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A West Coast Favorite

Well, I couldn't resist...with all the talk of tri-tips on a few of the forums... I called my local butcher and he said he did have something that he called tri-tip.

He also referred to it as Prime Brisket Tip (though I don't think they are from the brisket at all).  These are triangular pieces of meat, I got 2 of them, each about 2 lbs.   

When I checked again with another butcher at the same shop, he called it prime bottom sirloin.  This same butcher say that around his house they call them "football roasts" because the meat plumps up when you cook them.

By the way, although this cut can be had inexpensively in other parts of the country, these are not cheap cuts of meat around here... the 4lbs cost me $31.00... so it pays to do them justice

I sprinkled JJ's rub on the two tri-tips and let them sit in the refrigerator for a couple of hours.

JJ's rub is something that we make up in triple quantities and keep on hand.  The recipe is found here.

I cranked the #7 up to about 600 degrees, seared each side for about 4 minutes then closed the air flow enough to graduate down to 350 degrees. I tossed in a hunk of hickory and let them cook until the internal temp was 135-140 degrees. Took them off and let them rest for 15 minutes under some foil.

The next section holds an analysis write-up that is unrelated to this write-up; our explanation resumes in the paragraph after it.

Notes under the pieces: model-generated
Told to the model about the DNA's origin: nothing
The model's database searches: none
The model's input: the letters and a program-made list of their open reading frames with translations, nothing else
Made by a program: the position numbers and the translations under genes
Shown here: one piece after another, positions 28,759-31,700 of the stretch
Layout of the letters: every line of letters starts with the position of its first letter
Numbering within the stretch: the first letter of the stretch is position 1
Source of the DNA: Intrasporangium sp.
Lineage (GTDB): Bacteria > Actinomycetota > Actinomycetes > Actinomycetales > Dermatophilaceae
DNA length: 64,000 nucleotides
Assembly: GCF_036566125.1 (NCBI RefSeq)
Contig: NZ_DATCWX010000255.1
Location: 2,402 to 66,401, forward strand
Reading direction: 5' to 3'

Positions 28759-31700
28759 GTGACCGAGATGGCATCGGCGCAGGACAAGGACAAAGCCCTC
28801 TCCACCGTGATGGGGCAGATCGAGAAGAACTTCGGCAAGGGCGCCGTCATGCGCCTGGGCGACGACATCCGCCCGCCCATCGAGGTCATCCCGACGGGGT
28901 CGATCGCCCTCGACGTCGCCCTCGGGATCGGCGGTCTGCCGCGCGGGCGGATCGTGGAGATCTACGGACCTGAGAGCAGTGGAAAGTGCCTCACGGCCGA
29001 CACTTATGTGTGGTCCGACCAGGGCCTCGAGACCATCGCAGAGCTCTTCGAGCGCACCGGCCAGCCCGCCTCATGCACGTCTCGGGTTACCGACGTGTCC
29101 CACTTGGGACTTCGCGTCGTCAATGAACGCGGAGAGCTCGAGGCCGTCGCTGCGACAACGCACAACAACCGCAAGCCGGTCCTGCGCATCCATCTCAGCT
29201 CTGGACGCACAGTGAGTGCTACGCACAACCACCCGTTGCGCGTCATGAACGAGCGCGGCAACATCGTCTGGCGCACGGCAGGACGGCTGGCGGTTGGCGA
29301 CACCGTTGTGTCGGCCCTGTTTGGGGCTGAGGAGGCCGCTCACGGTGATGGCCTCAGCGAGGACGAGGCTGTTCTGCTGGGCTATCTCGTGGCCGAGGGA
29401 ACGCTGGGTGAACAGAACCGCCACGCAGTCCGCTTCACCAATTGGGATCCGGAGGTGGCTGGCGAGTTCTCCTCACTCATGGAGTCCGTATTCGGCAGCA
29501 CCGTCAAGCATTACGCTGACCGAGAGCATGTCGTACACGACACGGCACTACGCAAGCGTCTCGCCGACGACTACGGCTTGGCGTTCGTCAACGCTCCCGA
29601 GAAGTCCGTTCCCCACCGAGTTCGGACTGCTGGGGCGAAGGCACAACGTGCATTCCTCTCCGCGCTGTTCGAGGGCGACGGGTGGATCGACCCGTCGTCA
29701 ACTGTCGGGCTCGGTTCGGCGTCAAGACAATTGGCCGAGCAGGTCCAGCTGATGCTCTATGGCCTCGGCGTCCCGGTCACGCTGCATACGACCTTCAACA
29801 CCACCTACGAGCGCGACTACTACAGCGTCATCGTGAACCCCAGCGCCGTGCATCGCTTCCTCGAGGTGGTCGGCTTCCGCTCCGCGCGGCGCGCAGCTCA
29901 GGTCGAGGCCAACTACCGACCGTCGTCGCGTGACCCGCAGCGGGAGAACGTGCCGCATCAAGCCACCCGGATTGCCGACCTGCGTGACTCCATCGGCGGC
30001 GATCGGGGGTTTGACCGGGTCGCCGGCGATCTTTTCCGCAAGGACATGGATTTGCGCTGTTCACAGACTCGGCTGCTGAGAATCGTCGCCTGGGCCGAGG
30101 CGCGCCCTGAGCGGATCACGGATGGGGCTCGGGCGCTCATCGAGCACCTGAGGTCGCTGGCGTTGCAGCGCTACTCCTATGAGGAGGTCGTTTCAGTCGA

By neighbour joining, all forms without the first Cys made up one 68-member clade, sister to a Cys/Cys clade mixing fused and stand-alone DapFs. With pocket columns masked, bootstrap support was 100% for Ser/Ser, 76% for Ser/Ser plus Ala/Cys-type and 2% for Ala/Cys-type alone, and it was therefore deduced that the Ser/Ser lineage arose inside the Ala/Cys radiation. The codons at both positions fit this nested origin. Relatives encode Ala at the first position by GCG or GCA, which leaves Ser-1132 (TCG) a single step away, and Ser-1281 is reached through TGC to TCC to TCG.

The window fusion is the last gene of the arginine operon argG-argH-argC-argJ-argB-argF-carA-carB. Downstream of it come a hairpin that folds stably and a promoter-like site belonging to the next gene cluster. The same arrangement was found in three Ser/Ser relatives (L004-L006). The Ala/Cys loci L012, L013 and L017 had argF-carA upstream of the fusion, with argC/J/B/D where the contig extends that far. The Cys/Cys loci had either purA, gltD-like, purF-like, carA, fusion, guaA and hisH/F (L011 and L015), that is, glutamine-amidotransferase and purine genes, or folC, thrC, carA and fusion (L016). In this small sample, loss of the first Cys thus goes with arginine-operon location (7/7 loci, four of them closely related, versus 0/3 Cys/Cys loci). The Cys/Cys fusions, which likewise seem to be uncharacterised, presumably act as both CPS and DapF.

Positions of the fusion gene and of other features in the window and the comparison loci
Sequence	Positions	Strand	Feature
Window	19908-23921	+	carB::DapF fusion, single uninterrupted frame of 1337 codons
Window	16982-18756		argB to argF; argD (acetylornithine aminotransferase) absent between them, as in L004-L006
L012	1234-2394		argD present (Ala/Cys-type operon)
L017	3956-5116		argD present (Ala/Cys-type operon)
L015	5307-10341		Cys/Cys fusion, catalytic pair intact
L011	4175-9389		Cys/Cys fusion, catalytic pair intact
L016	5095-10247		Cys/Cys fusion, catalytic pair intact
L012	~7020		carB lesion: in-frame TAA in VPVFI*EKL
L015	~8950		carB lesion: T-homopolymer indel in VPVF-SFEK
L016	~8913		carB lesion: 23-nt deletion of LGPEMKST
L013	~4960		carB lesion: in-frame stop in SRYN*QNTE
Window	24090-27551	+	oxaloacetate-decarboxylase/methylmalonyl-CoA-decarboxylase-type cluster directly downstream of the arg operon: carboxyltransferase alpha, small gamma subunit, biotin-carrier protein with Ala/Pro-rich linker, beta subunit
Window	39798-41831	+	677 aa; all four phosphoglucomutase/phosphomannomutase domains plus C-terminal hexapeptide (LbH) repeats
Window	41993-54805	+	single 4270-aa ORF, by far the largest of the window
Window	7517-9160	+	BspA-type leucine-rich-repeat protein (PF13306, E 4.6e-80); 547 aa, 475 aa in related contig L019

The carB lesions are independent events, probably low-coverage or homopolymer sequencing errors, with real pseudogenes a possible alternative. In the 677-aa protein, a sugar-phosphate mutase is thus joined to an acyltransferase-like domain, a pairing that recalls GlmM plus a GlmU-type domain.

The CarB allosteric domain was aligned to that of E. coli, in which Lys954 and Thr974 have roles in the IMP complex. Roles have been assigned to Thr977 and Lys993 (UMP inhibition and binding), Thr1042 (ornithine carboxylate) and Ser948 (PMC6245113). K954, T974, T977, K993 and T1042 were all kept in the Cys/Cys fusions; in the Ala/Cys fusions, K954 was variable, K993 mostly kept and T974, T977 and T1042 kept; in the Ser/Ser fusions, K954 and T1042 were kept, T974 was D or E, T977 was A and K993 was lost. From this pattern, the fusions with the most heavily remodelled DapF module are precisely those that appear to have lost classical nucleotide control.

I carved thinly across the grain, and served with some creamed spinach and rice pilaf that my bride prepared.

This meal was a hit. Oh, and since some potential company didn't arrive, we only made it through one of the roasts.

My wife said it was more like a roast beef than like a steak, it had a nice texture, and beautiful color. My older son liked the pronounced hickory flavor (he guessed accurately at the wood I used).

The next day, we sliced up the remaining roast and made fajitas.. another winner.

All in all a good meals... we'll do this one again... playing with the spices and the wood.


Copyright 1999 by Zenreich Systems. All rights reserved.
Revised: December 13, 2017


All text and photographs copyright 1999 - 2017  Zenreich Systems. All rights reserved.